"What do you mean important? Beauty isn't important!"

I pointed out that she, a retired scientific researcher, was wearing flattering clothing, a particular hairstyle, cosmetics, jewelry. "You may not agree with traditional ideas of beauty, but every woman knows that she can't avoid dealing with societal standards of feminine beauty: you might chose to accept it or reject it or redefine it, but clearly it is important in our world. Children know this even if we try to deny it."

"But shouldn't we be teaching them that it's wrong? Isn't it the teacher's job to teach them that being beautiful doesn't matter?"

"I suppose I can offer them my opinion, but if I attempt to assert that notions of feminine beauty aren't important, the kids will know I'm wrong: the evidence is all around us. It's unavoidable. Every time we turn around we see a narrow concept of feminine beauty being celebrated. It's clearly important to our society. And at least part of why all those girls need to play princess is to explore what it means from the inside so that they can make their own decisions as they get older."

She hated that answer. "But it's not important at all. Women shouldn't be judged for their beauty. We need to teach that to little girls."

"I sure hope little girls learn that, but it won't happen because I lecture them. I expect they're most likely to learn it the way you did -- by experiencing it, experimenting with it, thinking about it, then making their own decisions. If I tried to somehow ban princess play, I would have a rebellion on my hands."

"Oh, I wouldn't want you to do that. Playing princess is fun. You can't ban princess play . . . That would be like banning their freedom to think."

And that's how we left the conversation because it was a school night and time for us to go home.


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Thursday, October 19, 2017

Ways To Not Say "Good Job"



"Teacher Tom! Look!"


"Look, Teacher Tom! Look what I can do!"


"I didn't know you could flip your tummy up on the table and balance with your legs up in the air."


"Look what I figured out, Teacher Tom! I can pop the bubbles by tearing my finger through them. Watch."


"You did that. You figured out how to pop it by tearing your finger through it."


"Teacher Tom, I'm popping them by jumping!" 

"I heard it pop! And I heard it again! You're jumping high and coming down hard to make them pop."


"Did you see what I can do? I'm making shapes! Let me show you."


"You're using your finger to hold the plastic circle in place and drawing around it! It looks like you're really concentrating."

"I can do it with other shapes too."


"I have something I want to show you, Teacher Tom. When I pull out these plugs the cars don't race any more and when I plug them back in they work again."


"Hey, you broke the circuit when you unplugged it, and you closed the circuit again when you plugged them in."


"Teacher Tom, Teacher Tom, we made this house."

"Who said that?"

"We did! We're inside here."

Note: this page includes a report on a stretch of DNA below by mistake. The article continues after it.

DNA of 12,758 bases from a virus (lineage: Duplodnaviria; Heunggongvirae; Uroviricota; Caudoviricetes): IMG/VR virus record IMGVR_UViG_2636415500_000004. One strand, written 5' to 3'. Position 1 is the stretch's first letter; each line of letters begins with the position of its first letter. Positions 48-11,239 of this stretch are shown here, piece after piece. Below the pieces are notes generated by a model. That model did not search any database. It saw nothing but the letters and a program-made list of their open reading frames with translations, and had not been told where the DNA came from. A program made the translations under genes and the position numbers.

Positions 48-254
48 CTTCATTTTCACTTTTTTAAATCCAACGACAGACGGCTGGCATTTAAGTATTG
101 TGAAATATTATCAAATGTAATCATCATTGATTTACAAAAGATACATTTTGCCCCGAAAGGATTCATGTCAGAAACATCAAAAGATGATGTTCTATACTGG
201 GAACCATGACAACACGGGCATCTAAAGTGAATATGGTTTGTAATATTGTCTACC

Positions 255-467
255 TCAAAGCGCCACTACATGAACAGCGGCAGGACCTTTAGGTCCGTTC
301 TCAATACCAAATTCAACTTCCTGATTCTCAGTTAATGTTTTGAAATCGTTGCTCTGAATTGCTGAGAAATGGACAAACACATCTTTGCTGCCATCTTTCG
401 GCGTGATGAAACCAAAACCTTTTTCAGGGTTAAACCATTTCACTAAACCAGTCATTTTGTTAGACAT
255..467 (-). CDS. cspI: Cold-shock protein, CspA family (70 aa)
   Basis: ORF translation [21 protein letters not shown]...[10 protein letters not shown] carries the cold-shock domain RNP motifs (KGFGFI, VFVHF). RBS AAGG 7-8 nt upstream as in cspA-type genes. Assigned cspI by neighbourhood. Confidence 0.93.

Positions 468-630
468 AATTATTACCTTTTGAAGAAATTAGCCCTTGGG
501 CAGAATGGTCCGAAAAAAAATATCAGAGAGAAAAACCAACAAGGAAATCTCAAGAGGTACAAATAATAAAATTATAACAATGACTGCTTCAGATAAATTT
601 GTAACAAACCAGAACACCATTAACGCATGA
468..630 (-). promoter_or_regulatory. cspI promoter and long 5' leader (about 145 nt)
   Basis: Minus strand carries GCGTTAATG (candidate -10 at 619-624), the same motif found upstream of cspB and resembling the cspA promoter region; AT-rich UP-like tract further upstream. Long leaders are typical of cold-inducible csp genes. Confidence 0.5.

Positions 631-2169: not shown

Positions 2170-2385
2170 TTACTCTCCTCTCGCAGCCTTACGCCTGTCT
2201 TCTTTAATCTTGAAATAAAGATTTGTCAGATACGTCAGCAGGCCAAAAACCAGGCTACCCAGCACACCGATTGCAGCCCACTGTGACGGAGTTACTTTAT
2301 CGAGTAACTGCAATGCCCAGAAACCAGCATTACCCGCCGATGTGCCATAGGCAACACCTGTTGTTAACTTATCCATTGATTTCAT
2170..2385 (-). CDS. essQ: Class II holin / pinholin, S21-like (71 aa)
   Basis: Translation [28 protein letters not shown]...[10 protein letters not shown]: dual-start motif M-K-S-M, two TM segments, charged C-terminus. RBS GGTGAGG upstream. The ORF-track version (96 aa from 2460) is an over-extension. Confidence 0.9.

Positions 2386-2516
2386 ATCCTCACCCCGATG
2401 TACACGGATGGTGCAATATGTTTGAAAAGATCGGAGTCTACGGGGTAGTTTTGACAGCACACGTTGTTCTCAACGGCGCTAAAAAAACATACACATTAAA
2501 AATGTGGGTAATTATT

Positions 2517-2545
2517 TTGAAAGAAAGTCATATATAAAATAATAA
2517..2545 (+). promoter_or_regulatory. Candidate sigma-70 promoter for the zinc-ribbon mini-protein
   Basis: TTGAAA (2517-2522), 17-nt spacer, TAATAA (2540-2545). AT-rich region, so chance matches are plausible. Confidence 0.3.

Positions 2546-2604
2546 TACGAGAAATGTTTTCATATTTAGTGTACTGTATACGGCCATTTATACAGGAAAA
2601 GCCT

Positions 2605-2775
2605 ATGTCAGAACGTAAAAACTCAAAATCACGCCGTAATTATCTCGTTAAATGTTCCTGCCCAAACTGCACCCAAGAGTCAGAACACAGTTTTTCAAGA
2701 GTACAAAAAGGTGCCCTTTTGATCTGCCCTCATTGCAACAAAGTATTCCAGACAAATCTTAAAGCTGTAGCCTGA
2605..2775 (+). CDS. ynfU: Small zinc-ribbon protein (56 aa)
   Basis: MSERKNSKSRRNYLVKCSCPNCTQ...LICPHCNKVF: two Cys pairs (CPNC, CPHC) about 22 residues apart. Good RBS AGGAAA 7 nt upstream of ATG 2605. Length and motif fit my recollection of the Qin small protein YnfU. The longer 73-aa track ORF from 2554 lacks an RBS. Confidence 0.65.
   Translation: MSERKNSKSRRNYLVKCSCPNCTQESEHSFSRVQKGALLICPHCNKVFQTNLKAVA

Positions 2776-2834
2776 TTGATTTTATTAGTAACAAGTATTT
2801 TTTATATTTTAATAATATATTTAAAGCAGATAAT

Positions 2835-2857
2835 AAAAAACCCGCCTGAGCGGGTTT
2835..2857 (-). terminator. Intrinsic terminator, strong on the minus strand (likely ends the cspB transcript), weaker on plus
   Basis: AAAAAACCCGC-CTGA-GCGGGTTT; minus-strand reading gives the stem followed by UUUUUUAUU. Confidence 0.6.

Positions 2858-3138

"Now I see you. You made a house with a sheet and clothes pins. You must have worked together."

"We did."


"Look what I made."


"You cut out all those shapes with pinking shears and used a glue stick to stick it all together. That was a lot of work. It looks like the two shapes are looking in a mirror."

"A crazy mirror!"


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Wednesday, October 18, 2017

Pegasus Babies; Pegasus Mommies



"It's time to go to bed now, little pegasus babies."

"Night-night mommy pegasus."

"I'm going to turn off the lights now pegasus babies."



They've been playing this game for a couple weeks now, these four-year-old girls. It's not unlike mommy-baby games children have played in the past, here at Woodland Park and indeed at every preschool everywhere. What makes this game different than the ones I've seen in the past is that instead of setting their game under the loft where we generally keep our pillows and blankets, these girls have moved their game out of the shadows and onto our checker-board rug which is typically dominated by groups of boys building castles and forts and bad guy traps. They have been carving out about half of the largest open area in the classroom for their game, sharing a space that is not normally shared.


"It's time to wake up now, pegasus babies."

"We're hungry, mommy pegasus."

"That's because it's time for your breakfast. I'll get some food for you."

As the pegasus babies wait for their mommy pegasus to return, they build their story, giving themselves pegasus baby names, discussing their relative ages, figuring out new ways to arrange their beds. When their mommy returns to feed them, they pretend to take bites, chewing, swallowing, and remarking on how good it tastes.

"Finish your food now, pegasus babies. It's time for your nap."

"Okay, mommy pegasus."

"I'm going to turn off the lights now. Sleep tight, sweeties."


Their game has attracted a few boys, two of whom want to be babies. They are shown to their beds. Two of the boys, however, are acting tough, hands on hips, saying, "These are our bad guy traps," pointing to their complicated structure. I see an implied threat and prepare myself to intervene, to protect their game, but the girls don't take it that way, diffusing the situation with diplomacy, "Oh, that's good. We don't want any bad guys around here," and "You can be the pegasus daddies." They don't want to be pegasus daddies, but they agree that they are there to protect the babies, which they do by becoming watchers of the game, saying nothing, doing nothing, just standing there in their commanding poses and stern faces.